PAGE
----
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Lonsdale City Hall remains open with little traffic during the coronavirus outbreak. Many area businesses have remained open for now, but the owners ask customers to practice social distancing while other facilities ask customers to make transactions online or via drop box. (News Review file photo)

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Bar, restaurant closures send shockwaves throughout the region

Gov. Tim Walz announced one of the state’s most significant efforts yet to curb the spread of coronavirus Monday, March 16, ordering restaurants, bars, gyms, movie theaters and other “places of public amusement” to close by Tuesday afternoon.

In a press conference, the governor cast the decision as a difficult but necessary “new normal,” in light of the Centers for Disease Control and Prevention’s recommendation that Americans avoid restaurants and bars and limit social gatherings to 10 people or fewer. Under the governor’s executive order, delivery and curbside takeout orders will still be allowed. Grocery stores, convenience stores and pharmacies are specifically exempted from the order.

Across the region, restaurants owners and employees were left reeling by the loss of much or all of their business for an indeterminate period of time, even before the governor’s order. Though the executive order is in effect until March 27, there appears to be a general expectation that it will only be extended until an unknown amount of time.

In Lonsdale, Whistle Stop Tavern and Grill owners Terry and Mary Lu Bastyr have been offering takeout meals to customers between 4 and 8 p.m. since Walz announced restaurant and bar closures.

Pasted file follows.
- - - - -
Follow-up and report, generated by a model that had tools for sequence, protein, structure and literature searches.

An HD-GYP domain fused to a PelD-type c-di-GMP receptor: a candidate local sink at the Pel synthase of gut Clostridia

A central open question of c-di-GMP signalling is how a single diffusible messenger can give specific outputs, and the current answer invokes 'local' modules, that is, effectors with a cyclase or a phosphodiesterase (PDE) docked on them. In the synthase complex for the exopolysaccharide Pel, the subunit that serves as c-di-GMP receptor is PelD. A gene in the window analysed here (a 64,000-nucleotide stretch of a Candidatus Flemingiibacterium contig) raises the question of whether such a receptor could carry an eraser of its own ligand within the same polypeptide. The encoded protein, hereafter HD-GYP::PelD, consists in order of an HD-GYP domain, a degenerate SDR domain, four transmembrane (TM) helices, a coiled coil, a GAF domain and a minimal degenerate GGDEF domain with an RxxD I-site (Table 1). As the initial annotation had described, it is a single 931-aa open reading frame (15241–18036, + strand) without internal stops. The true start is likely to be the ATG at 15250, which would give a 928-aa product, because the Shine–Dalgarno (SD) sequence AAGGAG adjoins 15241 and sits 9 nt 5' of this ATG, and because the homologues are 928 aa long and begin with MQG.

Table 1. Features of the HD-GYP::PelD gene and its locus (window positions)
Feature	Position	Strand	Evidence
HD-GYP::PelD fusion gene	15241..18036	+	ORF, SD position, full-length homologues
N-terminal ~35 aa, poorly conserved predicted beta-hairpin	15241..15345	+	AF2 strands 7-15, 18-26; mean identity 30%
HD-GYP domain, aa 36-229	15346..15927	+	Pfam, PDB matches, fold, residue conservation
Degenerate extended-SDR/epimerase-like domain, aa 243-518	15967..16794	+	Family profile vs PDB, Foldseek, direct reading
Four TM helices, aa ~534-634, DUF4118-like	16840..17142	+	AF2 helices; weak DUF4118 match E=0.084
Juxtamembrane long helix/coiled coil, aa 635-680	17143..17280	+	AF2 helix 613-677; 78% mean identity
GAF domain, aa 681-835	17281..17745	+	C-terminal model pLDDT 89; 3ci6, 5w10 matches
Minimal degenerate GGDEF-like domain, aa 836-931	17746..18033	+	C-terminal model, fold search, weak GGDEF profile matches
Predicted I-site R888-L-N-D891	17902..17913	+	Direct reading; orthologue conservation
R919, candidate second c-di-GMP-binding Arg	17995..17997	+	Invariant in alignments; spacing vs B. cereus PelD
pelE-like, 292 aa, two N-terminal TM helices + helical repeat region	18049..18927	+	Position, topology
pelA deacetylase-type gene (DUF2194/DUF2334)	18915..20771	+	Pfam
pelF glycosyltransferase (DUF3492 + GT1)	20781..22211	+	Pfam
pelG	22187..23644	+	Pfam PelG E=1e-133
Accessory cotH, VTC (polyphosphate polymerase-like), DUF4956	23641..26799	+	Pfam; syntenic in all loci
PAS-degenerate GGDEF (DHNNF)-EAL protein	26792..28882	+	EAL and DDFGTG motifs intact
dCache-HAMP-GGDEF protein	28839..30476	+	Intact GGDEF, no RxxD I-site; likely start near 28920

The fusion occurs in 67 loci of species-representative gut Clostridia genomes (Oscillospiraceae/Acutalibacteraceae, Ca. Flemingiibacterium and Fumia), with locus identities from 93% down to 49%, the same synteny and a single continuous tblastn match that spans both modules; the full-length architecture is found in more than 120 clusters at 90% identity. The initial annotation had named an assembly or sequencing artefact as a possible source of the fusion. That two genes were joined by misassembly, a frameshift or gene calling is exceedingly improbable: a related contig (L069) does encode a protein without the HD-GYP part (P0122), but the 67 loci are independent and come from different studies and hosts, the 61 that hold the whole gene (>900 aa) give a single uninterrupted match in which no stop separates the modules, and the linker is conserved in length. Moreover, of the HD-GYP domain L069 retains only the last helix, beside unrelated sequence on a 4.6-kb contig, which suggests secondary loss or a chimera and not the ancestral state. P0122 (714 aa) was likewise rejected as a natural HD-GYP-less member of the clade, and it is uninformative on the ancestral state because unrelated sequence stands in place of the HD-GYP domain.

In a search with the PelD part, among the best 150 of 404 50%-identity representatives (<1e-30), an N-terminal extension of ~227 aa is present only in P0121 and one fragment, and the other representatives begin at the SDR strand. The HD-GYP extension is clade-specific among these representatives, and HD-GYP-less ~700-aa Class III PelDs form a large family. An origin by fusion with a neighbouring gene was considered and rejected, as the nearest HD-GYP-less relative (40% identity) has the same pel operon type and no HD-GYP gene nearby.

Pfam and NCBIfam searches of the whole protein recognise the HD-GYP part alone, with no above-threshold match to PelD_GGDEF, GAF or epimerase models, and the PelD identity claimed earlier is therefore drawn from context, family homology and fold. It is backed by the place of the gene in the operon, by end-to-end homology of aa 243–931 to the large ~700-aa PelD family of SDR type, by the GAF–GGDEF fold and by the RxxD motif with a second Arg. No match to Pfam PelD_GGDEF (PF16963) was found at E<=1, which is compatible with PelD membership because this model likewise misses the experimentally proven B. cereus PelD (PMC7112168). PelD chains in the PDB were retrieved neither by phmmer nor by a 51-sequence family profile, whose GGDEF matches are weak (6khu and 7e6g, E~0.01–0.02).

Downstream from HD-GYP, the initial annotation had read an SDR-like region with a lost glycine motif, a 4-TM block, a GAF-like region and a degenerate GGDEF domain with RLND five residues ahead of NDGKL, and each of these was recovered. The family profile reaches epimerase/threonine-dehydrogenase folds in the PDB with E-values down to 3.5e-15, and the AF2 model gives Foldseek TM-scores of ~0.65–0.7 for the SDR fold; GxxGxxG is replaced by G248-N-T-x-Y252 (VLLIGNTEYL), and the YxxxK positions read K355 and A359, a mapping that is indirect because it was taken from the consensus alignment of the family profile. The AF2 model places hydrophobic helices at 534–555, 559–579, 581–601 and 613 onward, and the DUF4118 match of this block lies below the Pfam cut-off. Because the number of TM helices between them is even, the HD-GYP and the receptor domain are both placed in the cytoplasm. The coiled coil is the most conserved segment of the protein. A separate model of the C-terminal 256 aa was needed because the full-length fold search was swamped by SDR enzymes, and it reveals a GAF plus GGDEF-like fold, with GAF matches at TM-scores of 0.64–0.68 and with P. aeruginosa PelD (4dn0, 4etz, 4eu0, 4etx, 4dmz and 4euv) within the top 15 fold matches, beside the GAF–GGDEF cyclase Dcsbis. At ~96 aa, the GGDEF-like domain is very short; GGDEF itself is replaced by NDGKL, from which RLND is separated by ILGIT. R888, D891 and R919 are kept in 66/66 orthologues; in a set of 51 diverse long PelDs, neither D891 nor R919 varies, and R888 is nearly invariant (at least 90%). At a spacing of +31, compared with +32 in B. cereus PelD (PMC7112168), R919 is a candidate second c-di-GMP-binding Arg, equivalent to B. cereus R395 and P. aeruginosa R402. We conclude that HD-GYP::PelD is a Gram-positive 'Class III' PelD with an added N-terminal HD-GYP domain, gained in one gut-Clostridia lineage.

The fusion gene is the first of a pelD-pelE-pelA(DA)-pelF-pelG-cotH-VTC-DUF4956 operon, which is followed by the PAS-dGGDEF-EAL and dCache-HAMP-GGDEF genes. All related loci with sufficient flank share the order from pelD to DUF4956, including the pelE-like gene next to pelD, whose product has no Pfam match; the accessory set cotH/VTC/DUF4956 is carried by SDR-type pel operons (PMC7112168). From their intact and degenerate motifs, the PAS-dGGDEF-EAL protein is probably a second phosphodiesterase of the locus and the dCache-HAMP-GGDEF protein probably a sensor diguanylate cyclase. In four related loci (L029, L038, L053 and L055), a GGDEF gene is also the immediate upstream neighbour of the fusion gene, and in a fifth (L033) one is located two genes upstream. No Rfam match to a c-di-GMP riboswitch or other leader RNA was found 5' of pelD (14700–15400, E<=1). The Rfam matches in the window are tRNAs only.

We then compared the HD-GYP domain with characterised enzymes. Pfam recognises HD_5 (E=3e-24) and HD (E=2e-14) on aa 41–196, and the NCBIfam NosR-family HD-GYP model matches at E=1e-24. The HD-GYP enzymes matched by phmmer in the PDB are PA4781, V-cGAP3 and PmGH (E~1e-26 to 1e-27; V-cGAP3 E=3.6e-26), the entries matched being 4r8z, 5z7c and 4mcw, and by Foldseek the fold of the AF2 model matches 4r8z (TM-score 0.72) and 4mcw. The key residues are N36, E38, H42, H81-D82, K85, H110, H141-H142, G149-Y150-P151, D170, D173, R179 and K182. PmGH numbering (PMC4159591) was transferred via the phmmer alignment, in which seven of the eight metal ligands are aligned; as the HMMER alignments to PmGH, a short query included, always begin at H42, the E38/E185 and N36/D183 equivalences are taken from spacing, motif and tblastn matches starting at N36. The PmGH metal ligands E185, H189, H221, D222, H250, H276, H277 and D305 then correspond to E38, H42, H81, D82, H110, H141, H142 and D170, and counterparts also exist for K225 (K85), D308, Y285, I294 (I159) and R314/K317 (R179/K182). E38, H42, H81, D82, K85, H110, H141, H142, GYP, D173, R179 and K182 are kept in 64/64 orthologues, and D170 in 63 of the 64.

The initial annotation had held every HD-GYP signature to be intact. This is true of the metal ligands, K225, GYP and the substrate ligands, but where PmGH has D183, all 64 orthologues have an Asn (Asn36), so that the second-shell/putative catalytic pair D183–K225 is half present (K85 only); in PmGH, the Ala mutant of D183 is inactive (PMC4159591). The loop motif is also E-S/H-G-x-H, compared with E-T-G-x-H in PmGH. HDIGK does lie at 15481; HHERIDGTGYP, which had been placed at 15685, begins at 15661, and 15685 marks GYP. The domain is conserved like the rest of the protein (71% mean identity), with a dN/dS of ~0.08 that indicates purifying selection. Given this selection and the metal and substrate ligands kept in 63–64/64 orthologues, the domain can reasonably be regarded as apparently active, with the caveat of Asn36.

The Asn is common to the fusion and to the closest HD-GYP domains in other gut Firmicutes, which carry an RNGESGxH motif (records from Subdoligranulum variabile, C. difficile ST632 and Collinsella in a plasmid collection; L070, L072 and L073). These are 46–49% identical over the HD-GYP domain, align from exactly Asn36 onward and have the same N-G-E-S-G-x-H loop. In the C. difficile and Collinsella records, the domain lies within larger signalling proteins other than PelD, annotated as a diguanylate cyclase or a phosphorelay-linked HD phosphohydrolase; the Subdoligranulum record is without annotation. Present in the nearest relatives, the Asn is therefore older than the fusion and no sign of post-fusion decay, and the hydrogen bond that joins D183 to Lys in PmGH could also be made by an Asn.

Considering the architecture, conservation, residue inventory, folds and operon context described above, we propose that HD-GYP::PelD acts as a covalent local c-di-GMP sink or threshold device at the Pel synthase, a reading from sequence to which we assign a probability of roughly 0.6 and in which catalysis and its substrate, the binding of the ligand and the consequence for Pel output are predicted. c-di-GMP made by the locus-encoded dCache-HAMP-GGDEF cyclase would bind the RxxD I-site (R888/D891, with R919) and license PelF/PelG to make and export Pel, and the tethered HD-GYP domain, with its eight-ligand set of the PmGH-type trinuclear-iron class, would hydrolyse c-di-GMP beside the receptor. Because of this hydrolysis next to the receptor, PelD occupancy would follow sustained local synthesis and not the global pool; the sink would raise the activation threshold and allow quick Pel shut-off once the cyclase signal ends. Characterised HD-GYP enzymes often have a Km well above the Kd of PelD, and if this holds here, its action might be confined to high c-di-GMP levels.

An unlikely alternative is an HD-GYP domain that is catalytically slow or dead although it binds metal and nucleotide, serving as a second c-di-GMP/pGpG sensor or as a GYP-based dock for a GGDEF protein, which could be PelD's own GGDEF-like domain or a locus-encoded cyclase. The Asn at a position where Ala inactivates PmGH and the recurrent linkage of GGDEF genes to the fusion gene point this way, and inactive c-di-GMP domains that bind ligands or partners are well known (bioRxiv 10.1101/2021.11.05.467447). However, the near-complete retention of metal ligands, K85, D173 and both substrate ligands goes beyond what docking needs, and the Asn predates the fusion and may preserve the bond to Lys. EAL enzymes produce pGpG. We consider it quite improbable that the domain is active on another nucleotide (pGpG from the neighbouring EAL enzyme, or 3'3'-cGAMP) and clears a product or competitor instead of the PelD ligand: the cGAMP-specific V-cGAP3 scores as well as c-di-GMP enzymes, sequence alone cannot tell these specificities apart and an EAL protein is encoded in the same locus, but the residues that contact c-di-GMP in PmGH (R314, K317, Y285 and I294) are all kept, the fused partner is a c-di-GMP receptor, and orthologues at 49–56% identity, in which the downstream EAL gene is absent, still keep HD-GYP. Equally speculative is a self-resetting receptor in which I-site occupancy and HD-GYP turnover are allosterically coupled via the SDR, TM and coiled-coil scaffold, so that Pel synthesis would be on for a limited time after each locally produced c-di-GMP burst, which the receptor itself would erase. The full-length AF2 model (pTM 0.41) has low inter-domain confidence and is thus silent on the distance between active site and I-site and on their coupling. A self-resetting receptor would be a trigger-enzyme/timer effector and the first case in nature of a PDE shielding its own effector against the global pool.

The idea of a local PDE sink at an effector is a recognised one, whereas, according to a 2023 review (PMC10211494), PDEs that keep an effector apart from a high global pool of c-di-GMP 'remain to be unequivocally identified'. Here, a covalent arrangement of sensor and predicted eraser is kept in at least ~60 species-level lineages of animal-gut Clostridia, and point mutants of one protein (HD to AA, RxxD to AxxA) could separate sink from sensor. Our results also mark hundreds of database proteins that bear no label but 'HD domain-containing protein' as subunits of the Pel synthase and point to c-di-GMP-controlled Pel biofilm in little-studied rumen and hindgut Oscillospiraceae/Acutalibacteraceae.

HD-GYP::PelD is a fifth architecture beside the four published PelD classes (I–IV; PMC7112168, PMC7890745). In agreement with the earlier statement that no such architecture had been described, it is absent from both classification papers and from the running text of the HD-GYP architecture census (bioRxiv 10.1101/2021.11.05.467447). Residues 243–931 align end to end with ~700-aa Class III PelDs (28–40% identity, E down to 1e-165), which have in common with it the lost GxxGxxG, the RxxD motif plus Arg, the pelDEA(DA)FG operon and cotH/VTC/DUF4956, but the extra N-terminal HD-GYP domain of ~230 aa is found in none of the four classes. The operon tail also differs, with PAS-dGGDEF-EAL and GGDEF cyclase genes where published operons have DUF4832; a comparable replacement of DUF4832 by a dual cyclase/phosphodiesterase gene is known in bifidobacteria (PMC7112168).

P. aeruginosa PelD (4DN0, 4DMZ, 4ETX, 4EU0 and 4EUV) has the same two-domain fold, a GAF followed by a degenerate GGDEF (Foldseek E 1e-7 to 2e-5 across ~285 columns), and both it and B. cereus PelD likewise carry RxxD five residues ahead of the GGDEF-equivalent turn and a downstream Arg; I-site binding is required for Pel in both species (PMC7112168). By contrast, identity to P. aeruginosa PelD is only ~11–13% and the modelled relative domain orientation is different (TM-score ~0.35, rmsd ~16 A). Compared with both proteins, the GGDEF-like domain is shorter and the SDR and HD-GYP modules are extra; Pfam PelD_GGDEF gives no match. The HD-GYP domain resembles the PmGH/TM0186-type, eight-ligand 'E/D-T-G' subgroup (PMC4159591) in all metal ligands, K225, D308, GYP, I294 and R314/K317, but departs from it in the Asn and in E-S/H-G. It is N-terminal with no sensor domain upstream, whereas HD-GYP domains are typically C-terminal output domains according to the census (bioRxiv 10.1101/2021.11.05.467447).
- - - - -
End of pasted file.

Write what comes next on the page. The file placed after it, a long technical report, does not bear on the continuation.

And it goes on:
Although the first day was slow, Terry said Wednesday was better as far as customer turnout. He and Mary Lu are thankful for the support of their loyal customers. Keeping up with maintenance and doing plenty of cleaning, they’re limiting exposure as much as they can with only the two of them on staff. On Thursday, Terry said they may ask other workers to assist over the weekend.

“A lot of the customers who come in are thankful we are open, giving us a lot of kind words and support, and we really appreciate that,” said Terry.

Still, he said, “It’s going to be tough for a while.”

New business model

At his Monday press conference, Walz said that the pandemic is only beginning and he expects the closures to last longer than the current order states. For Montgomery Pizzeria 201 owner Troy Domine, the virus has forced him to change his entire business model.

What once was a bustling dining area was converted into a pizza delivery and curbside pickup business on Sunday, March 15. Domine made the change days before Walz enacted the new executive order barring restaurants from holding dine-in service.

“We felt this is a gathering spot,” said Domine on why he made the change. “We get a lot of traffic in and out every week, and we felt this is the role we could play in making a statement that this is important. We should all do what we can to slow this down.”

To make up for lost business, Pizzeria 201 has greatly expanded its hours and its delivery service beyond Montgomery to most all of Le Sueur County, north to Jordan and east to Kilkenny and Shieldsville.

The restaurant also implemented a pickup station outside the restaurant on certain hours each day. Additional weekly specials like home baked mac and cheese, BBQ ribs and enchiladas are being put on the menu to keep interest up.

“It’s not business as usual anymore,” said Domine. “We woke up in an entirely new market.”

The pizzeria is still keeping things together, albeit with a third of the regular staff. The skeleton crew is comprised of all of the restaurant’s full-time workers, some part-timers and family members of Domine’s. However, once the pandemic has reached its end, Domine plans to bring back the rest of his staff.

The shutdown has hit Owatonna particularly hard. Across the city, roughly 70 businesses are being directly impacted by the governor’s recent executive order, including Old Town Bagels, one of the most popular places to eat in the downtown district.